The Severum

severum cichlid

The Severum is arguably one of the nicest additions to any large aquarium. Its Latin name is Heros severus, it is native to the northern Brazil Basin and is also found in Guyana where it prefers deeper and calmer waters that often contain submerged trees, plenty of vegetation and rocky outcrops. The Serverum make an absolutely fantastic tank mate for the Oscar fish.

Severum Care

Serverum can reach 12 inches and therefore need to be kept in large aquariums. 55 gallons is the minimum requirement for one fish, whereas two can be kept in 75 gallons minimum. However, as we always say, this is just a rule of thumb and it's always best to go as large as you possibly can. They can be fairly messy fish so good filtration is important. Severum prefers similar water conditions to Oscars. The pH should be on the acidic side, ideally no higher than 7, although captive bred fish will be okay between 7 and 8. Severum will eat the same food as you feed your Oscars, so pellets, frozen and freeze-dried foods will be readily taken. They do however like vegetables such as peas which are good for the digestive system. Severum like rocks and prefer places to hide so if you can create a cave please do so for them to retreat.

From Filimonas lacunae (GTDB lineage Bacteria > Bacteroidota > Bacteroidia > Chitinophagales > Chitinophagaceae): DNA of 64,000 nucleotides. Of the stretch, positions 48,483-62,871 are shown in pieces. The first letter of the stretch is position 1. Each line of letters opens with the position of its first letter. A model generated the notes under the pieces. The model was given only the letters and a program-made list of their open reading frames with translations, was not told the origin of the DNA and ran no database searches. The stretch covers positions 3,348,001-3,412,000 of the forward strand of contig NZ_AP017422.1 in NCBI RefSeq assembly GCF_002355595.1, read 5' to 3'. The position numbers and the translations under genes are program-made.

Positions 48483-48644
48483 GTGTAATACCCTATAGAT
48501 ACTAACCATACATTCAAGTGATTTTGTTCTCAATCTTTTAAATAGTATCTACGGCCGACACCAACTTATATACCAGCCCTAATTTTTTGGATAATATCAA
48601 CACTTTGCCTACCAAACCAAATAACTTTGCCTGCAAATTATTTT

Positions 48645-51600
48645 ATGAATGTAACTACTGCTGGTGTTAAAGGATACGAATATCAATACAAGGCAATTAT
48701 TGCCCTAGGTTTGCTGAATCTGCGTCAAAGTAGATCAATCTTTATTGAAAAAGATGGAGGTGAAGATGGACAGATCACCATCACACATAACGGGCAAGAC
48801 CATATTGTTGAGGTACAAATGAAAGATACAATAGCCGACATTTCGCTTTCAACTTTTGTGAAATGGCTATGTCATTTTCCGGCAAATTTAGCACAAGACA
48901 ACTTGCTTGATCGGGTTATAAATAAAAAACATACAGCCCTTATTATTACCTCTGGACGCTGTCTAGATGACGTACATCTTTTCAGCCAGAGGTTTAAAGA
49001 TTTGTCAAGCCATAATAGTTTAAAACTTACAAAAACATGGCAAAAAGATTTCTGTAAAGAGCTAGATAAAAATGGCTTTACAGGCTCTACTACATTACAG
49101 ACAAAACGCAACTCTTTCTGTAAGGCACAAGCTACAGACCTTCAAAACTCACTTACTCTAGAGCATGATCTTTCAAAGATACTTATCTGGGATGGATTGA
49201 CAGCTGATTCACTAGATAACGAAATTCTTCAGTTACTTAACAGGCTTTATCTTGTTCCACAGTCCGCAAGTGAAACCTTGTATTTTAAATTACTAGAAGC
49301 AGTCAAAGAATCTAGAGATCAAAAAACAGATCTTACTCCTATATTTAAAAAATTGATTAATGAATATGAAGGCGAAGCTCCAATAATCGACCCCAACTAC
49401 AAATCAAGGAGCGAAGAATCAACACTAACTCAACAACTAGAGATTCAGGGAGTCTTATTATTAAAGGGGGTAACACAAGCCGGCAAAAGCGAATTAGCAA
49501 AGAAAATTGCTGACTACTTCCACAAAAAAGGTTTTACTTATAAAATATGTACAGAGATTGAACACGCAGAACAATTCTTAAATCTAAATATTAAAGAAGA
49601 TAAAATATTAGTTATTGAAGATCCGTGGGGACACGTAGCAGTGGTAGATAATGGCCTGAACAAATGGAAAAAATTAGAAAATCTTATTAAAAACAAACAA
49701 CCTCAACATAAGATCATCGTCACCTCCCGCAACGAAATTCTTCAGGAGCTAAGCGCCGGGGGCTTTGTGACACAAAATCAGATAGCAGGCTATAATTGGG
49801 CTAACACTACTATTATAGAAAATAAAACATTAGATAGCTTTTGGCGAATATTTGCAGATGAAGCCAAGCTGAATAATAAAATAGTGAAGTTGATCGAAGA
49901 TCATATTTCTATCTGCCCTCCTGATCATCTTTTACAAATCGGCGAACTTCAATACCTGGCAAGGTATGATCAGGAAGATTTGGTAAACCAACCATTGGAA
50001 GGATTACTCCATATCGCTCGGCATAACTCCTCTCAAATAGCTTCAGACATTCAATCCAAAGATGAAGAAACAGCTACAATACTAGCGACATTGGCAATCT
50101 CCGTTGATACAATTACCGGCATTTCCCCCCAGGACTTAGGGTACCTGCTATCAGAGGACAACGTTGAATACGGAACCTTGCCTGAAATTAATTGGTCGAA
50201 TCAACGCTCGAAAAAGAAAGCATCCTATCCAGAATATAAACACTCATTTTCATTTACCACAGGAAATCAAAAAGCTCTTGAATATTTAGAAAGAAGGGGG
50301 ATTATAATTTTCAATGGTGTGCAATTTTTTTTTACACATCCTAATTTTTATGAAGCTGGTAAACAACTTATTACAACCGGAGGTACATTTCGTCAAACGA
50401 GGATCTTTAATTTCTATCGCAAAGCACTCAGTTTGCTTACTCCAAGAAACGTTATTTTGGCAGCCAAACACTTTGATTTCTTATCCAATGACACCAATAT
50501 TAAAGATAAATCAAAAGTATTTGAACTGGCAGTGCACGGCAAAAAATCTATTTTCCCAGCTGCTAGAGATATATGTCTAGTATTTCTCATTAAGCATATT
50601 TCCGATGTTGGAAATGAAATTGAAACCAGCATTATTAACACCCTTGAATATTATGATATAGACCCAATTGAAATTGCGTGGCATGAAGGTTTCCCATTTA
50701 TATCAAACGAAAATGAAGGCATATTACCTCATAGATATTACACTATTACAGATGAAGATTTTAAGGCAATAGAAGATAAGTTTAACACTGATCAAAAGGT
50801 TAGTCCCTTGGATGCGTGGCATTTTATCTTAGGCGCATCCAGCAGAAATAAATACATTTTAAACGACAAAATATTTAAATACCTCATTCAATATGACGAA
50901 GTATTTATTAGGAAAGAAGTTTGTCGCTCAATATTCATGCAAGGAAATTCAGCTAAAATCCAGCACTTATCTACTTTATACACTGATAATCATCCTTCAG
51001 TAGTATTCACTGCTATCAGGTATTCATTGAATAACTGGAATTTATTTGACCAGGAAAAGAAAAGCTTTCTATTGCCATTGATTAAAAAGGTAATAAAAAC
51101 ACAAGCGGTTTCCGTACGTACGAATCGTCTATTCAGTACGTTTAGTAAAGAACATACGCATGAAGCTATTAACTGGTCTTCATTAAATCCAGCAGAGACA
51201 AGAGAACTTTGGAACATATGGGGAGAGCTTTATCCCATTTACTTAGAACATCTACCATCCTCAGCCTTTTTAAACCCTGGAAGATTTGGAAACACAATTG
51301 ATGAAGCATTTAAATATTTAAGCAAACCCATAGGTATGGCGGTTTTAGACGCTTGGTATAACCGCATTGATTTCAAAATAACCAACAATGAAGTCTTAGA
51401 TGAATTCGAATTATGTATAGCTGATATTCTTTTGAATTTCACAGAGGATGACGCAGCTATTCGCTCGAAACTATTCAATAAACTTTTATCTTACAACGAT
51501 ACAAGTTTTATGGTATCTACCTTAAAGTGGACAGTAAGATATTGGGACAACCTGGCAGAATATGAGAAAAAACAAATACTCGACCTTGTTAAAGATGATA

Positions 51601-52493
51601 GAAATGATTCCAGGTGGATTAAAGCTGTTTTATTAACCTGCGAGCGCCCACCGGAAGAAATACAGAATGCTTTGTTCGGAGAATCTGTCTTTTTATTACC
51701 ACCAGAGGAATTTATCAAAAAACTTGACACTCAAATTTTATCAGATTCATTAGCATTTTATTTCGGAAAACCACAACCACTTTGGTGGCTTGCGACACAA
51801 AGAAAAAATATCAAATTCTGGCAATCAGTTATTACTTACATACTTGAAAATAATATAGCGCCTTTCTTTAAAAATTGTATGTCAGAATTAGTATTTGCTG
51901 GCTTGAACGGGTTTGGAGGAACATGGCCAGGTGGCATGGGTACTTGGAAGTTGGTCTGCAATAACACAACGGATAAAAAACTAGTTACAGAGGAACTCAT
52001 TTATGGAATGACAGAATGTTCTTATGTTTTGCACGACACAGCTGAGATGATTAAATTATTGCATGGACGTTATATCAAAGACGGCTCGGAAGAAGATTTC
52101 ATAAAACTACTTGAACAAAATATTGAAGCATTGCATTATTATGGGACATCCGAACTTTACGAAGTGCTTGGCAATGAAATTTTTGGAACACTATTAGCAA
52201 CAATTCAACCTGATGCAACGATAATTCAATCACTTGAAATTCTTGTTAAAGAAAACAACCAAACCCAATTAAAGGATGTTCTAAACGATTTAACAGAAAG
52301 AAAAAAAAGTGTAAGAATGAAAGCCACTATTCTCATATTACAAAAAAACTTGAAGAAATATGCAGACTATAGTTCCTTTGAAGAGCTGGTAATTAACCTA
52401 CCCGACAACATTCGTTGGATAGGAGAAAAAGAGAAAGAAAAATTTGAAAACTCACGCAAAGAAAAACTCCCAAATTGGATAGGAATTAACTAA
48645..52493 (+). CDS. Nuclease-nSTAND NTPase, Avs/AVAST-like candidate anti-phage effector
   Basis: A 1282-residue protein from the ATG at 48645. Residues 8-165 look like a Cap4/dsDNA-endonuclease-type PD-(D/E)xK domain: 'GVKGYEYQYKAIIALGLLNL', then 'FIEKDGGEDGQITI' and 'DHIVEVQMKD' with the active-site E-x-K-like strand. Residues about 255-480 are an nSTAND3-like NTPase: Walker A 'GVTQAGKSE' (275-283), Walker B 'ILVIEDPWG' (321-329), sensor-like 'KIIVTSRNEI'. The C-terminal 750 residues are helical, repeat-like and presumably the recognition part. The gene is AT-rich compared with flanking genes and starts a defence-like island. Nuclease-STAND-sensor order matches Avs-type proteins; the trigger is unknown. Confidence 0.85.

Tank Mates

The Severum is more than capable of sticking up for itself and can be territorial so makes a great tank mate for larger semi-aggressive cichlids. They can also thrive really well with less aggressive fish such as silver dollars, Plecos, Juripari and Leporinus. Being cichlids means that they will become aggressive during their breeding period so keeping them with other fish will require a larger tank.

Sexing Severum

The male Serverum tends to be bigger and broader around the chest. The female will lack some of the facial markings that the male has and are often pale in colour. The male may also have a more prominent dorsal and anal fin in comparison to the female.

Breeding Severum

Serverum prefer to lay their eggs on a flat surface such as a rock. They will clean the surface before laying eggs. Both parents will tend the eggs and protect the fry once they hatch. Breeding behaviour such as lip locking and tail slapping will often precede spawning. Fertilised eggs are light brown in colour and should hatch in around 3 to 5 days. Any eggs that are not fertilised will turn white.

You can artificially hatch fry by removing the eggs and hatching them in a tank on their own in much the same way as you would Oscar eggs. However, parents will look after the fry after they have hatched. You can feed fry on baby brine shrimp and micro worms.